07 July 2011

7 July - Clam Boil

Weather: Rain today means rain for the next four weeks.

A CLAM BOIL is hardly elegant, but nobody cares.  It is easily done, takes about half an hour to fix (after you've cleaned the clams), and serving is very informal (one guy lays down several layers of newspaper on his picnic table and then pours the drained contents of the pot(s) down the middle of the table for his guests to grab, spear, and eat. The kids love it, of course).  So tie on your bibs, tuck large serviettes into your shirt collars, and dig in.

I have a large steamer (the lower part has a spigot for pouring off all that lovely clam broth into individual cups), and I prefer to boil the other ingredients in one large pot and the clams in the steamer.  But here is the recipe for one large kettle.  It serves 4, so add and subtract as you see fit.

First, clean your clams.  It is best to do this overnight, giving the little darlings time to get all that grit and sand out of their system.  Scrub all of the clam-shells with a stiff brush.  Put the clams in a large kettle with enough salty water to cover (1/3 cup of salt for every gallon of water).  Sprinkle cornmeal over the clams (1/4 cup of cornmeal for every quart of clams).  Let them soak for at least 3 hours or overnight in the refrigerator.

Now, for the main event:
4 yams (or more) in their jackets
4 largish white potatoes, or 8 small white potatoes or new potatoes (or more) in their jackets
8 boiling onions (or more), peeled
8 ears of corn, husked, cleaned, and cut in half (or thirds, if they are long enough)
1 pound of hot dogs or frankfurters
1 pound (or more) of spicy, smoked sausage such as chourico (chorizo) or andouille, cut into 2-inch pieces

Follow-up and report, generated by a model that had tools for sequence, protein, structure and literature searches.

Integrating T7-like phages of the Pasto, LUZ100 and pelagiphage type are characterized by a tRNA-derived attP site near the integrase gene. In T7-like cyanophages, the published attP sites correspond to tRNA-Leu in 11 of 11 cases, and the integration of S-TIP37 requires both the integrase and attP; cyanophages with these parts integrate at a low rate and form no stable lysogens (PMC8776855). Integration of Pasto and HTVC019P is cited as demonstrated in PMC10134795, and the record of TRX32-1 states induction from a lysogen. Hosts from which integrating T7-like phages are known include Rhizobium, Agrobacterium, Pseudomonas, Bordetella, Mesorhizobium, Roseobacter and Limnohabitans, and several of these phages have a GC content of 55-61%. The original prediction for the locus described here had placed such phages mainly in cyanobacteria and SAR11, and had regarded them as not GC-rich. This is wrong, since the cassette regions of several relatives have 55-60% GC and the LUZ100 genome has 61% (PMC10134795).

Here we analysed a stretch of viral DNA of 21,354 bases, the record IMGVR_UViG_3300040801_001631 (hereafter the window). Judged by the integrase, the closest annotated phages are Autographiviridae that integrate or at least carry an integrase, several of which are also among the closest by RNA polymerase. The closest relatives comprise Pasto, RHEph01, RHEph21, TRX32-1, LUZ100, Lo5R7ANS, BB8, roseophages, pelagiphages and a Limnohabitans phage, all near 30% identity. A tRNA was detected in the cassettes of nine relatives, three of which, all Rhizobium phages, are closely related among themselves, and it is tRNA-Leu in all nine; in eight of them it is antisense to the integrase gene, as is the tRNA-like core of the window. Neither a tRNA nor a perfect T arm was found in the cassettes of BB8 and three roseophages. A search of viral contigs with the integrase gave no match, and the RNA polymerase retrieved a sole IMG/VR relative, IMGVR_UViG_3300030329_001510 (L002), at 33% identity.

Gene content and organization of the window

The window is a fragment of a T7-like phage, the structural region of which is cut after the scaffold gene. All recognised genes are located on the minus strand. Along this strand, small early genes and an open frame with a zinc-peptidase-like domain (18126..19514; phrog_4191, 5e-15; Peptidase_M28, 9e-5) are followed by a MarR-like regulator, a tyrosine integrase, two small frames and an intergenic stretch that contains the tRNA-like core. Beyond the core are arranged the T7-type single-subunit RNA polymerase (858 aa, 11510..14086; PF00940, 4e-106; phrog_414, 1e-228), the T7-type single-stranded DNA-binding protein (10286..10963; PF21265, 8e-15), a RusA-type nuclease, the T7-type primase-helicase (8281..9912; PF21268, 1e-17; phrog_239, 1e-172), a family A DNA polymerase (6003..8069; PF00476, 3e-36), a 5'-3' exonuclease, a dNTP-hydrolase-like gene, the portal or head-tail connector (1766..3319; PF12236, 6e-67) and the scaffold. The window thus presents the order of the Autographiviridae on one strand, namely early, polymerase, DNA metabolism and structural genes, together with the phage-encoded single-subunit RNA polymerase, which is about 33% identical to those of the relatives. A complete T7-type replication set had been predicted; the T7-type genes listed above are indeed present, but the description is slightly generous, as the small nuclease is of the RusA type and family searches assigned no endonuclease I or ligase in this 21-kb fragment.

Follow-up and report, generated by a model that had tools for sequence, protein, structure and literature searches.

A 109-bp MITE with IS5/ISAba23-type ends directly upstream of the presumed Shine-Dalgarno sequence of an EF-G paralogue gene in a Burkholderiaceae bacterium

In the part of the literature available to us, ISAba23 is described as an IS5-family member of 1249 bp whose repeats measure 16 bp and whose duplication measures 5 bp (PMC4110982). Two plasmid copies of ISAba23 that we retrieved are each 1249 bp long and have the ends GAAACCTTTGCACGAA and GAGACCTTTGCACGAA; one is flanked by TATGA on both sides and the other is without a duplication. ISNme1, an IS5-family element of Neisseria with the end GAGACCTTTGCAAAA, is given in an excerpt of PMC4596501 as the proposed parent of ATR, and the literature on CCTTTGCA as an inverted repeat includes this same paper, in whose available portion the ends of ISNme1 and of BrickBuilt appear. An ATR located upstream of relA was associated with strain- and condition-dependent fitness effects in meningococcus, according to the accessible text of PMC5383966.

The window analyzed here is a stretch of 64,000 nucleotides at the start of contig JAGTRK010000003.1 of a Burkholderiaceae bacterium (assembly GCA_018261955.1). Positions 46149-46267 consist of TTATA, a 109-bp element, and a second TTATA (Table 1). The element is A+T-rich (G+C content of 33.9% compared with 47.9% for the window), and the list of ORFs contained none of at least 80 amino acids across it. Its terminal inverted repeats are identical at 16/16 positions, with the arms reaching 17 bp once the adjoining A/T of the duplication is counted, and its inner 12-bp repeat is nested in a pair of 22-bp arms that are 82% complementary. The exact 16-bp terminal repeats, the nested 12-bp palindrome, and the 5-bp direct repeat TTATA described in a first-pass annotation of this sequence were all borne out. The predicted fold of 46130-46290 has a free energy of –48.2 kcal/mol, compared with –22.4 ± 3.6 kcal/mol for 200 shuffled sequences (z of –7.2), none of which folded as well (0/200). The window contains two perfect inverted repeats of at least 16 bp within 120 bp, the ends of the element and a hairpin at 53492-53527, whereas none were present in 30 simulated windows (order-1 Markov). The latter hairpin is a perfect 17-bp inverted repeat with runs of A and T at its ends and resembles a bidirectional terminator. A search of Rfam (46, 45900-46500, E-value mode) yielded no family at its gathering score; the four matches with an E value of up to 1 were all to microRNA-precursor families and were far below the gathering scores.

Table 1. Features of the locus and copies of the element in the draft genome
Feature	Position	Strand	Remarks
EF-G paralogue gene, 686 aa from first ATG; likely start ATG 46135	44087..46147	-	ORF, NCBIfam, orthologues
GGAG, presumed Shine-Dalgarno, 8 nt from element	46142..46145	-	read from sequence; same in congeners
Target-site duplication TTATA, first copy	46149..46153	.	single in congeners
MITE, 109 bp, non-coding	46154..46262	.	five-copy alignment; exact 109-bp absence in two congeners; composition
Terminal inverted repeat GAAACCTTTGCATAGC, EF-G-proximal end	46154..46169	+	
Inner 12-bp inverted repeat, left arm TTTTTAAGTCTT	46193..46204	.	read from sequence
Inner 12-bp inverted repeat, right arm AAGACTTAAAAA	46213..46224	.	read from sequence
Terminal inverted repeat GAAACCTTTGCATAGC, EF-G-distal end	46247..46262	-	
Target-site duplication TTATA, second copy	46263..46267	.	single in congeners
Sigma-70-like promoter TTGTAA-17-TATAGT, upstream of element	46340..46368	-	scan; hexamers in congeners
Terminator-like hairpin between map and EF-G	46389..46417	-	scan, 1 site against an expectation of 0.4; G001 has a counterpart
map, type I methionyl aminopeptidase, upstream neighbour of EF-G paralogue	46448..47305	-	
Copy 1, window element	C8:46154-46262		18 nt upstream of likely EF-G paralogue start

4 - 6 quarts of clams

In a large kettle, heat to boiling enough water to cover the yams.  Add the yams, cover and boil for about 10 minutes (if I'm using large white potatoes, I'll add them now as well).

Add the onions (and the small white or new potatoes, if using) to the boiling water or on top of the yams, cover, and boil for 10 minutes.

Add the corn and the meat on top; cover and boil for 5 minutes.

Add the clams on top; cover and boil for about 6 - 8 minutes.  (Don't overcook them)

When most (hopefully all) of the clams have opened, remove everything from the pot and serve (I pile all the clams in a large, shallow dish, and all of the other ingredients in another large, shallow dish).  Strain the broth and give each person a cup of broth and a cup or small dish of melted butter.  Serve with lots of good bread - brown bread is preferred.

To eat, grab the clam from its shell, give it a swish in the clam broth, dip it in the melted butter, and then "drop with the hand and arm, describing a majestic curve through the air, into the watering mouth."

What's that?  We're not supposed to eat shellfish in a month without an "R"?......  trust me, Rhode Islanders can put an 'R' anywhere.  Just ask them to pronounce "Bermuda".  All months have an 'R'.

Truthfully, however, the "no R" ban has to do with the excessive algae growth connected with the summer months.  The collected toxins are poisonous.  Buy your shellfish from a reputable dealer, and you should be all right.  If you are going to hunt your own, however, check with your state for warnings about red tides and shellfishing closures.